The Golden Calf and the Importance of Plurals (Exodus 32)

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This post was inspired by an almost-throwaway comment made last Sunday in the sermon at Mars Hill Bible Church. Heck, this blog wouldn’t exist if I wasn’t obsessed with the obscure references and readings used by preachers; on the other hand, I should probably try not to get so distracted half way through a sermon…

Anyway, the Golden Calf. Moses has climbed Mount Sinai to receive the Law of God, and he’s been gone so long that the people back on the ground start getting twitchy. They go to Aaron, the brother of Moses and designated high priest, to get something sorted; they don’t want a God stuck up a mountain who may well have just fried Moses, they want a god who they can see and touch and understand. They want a god to carry before them.

And Aaron, who is either an idiot or terrified he’s about to fall victim to a lynch mob, goes along with it. He collects all the gold he can – much of which was plundered from Egypt, so there’s perhaps something here about their relationship with their former oppressor – and forges it into a golden calf. “Here are your gods!” he proclaims; notice he uses the plural even though there’s only one calf. This may be important.

Anyway, Moses returns, sees what’s happened, grinds down the calf, makes the Israelites drink the resulting gold dust (a metaphor for the lack of sustainable provided by the memory of Egypt?), people get executed, it all ends badly. The story is the archetypal warning against idolatry and if that’s all there is to it then that’s enough. But there may be something else going on…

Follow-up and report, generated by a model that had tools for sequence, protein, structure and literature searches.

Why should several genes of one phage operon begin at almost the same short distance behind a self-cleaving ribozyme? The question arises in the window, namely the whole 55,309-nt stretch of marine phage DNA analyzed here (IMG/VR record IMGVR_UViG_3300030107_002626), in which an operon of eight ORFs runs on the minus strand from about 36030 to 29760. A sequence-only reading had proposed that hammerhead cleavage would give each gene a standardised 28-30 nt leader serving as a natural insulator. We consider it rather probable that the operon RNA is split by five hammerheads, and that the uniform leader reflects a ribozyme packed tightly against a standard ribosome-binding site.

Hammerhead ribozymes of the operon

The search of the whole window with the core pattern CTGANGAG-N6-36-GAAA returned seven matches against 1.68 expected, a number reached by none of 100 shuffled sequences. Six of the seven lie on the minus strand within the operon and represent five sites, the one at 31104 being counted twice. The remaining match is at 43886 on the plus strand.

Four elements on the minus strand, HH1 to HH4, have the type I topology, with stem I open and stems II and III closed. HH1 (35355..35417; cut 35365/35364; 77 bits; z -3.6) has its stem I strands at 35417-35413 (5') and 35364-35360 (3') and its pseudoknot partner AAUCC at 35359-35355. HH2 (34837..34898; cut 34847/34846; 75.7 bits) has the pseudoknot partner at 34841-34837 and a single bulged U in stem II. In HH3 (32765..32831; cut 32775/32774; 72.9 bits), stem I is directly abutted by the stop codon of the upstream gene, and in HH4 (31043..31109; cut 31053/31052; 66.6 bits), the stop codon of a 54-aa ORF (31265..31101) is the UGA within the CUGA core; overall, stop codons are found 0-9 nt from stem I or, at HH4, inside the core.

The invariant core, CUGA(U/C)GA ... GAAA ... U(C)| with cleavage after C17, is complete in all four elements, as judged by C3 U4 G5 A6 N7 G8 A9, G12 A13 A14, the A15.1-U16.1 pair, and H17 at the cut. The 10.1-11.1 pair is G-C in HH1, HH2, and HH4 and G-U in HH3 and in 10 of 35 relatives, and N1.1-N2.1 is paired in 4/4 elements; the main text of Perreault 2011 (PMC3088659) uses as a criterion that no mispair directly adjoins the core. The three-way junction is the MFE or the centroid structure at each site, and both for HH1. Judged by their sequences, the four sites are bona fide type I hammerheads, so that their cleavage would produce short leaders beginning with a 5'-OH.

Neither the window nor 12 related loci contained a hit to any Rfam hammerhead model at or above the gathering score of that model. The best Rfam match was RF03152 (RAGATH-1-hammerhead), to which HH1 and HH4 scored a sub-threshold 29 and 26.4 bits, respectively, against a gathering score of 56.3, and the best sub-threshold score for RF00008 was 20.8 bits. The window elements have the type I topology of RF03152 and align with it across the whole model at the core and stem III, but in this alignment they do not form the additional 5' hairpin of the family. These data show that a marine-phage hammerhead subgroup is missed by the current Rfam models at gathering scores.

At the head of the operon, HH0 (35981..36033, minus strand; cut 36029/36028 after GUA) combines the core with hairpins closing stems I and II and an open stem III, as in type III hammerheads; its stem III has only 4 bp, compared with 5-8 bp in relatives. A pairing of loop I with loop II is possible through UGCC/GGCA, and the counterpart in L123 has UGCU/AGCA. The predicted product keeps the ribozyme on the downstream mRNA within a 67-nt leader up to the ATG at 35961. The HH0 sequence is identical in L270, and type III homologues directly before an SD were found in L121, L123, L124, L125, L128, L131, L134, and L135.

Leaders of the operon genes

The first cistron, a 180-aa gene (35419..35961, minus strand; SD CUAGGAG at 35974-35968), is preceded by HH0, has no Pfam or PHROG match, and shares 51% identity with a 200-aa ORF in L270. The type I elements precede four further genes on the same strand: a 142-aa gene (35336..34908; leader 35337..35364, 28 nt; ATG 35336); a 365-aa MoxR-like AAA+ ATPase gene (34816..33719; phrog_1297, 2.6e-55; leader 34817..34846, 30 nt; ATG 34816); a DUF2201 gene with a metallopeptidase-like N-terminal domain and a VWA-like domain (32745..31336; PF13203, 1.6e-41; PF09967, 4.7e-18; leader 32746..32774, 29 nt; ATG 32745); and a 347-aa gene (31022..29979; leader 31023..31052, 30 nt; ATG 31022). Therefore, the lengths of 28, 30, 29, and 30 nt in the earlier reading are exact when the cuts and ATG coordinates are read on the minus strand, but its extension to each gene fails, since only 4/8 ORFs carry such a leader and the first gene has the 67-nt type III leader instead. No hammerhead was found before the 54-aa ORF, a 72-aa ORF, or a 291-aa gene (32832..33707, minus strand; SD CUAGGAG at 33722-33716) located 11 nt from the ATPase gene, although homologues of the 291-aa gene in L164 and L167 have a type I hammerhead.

See, this story is referred to in Nehemiah 9, only there the writer corrects the weird plural thing – one calf, one god. And reading it like that leads to another possible interpretation – what if the calf is meant to be the God? We tend to think the calf was intended as a replacement for God, but what it was a mockery, a grotesque charicature that reduced the majestic God of the universe, God the Uncreated, to a tacky bit of bling made only to shut up some whiners? They’ve turned the God who liberated them from slavey into a craft project, a cynical craft project at that.

But why not? After all, a craft project is controllable. You can worship it as a god if you want, but you’ll always have the upper hand because you know where it came from and you could always throw it away and get a better one, maybe in a nicer colour and with full social media integration. God isn’t that safe – he’s in charge. Maybe that’s why the calf is still an attractive prospect – given how some Christians treat others, I’m convinced they want God less than they want a golden calf who justifies hatred of whatever group they’re angry at this time.

And maybe that’s one of the greatest sins that makes up idolatry, turning God into our mouthpiece rather than us acting as his. And it’s a blasphemy because it results in a brutalised representation of God when God has already made himself visible and present in the world, through the person of Jesus. I mean, look at how Jesus is misrepresented and co-opted. Goodness knows what we could do if we were still making our own gods.

That’s the thing, isn’t it? If, as Christians, our God doesn’t look like Jesus, it’s just another golden calf. And it’s time for it to go.

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